Artículo reseñando labor de la Dra. Merari Feliciano y su equipo de trabajo con La producción de ñame!
Yams provide a staple food source in Puerto Rico, supplying an essential source of nutrients and fibre. However, pests and disease have been severely diminishing local yields. To tackle this problem, Dr Merari Feliciano-Riveraand her team at the University of Puerto Rico are working to characterise the causal agents, provide management techniques and improve seed production practices towards sustainable yam production.
In the 80s, yam was considered the most important root crop in Puerto Rico and was highly profitable for farmers. Since then, the industry has been declining due to several factors, including foliar and tuber diseases, cheap imports, natural disasters and high production costs. Yam production decreased by two and a half times over just a thirty-year period.
Yams are considered a staple food in tropical and subtropical regions, following only potatoes and cassava as the most important starchy root crop worldwide. They provide a rich source of vitamin C, potassium, manganese and fibre and are low in cholesterol. In Puerto Rico, the most cultivated yams species include Dioscorea alata and Dioscorea rotundata.
Yam seeds are scarce and expensive, especially when sourcing a good quality crop. The plant is also affected by many pests and diseases, including soil pests such as white worm and nematodes – the main drivers of yam decimation in Puerto Rico. No nematicides are registered for use on tubers; dry rot takes over, severely diminishing harvests. Nematodes belonging to the Pratylenchus and Scutellonema families are the main causal agents in Puerto Rico.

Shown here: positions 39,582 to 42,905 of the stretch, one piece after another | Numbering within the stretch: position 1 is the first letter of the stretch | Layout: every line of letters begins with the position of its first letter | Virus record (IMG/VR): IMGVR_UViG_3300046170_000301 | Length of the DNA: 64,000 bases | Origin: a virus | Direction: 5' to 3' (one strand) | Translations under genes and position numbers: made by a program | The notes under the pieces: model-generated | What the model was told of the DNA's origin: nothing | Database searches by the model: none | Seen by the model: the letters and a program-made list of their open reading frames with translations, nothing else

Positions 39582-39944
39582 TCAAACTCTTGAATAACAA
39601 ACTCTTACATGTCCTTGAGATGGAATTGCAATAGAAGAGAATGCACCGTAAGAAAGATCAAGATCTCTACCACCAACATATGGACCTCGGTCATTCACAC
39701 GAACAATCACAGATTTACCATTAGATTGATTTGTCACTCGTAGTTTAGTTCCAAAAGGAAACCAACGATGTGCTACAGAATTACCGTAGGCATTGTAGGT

Dioscorea rotundata is particularly susceptible to internal dry rot, which causes its tubers to harden, dry out and decay during storage, allowing subsequent invasion by a plethora of fungal species. Internal dry rot differs from dry rot in that it is caused by fungi rather than nematodes, and affects yams during storage, rather than both in the field and through storage. This disease has direct impacts on seed quality and causes yield losses of up to 98%. Across the globe, internal dry rot has been reported to be caused by infestations of Penicillium, Fusarium and Rhizoctonia fungi.
To determine preventative measures, identifying the most dominant local effector is vital. The application of fungicides before storage and planting has previously been proven to improve yam quality. ‘Oxamyl L’ used to be the go-to dry rot diminisher, however, this product is no longer registered for use on tubers in Puerto Rico, and is currently only registered for foliar application.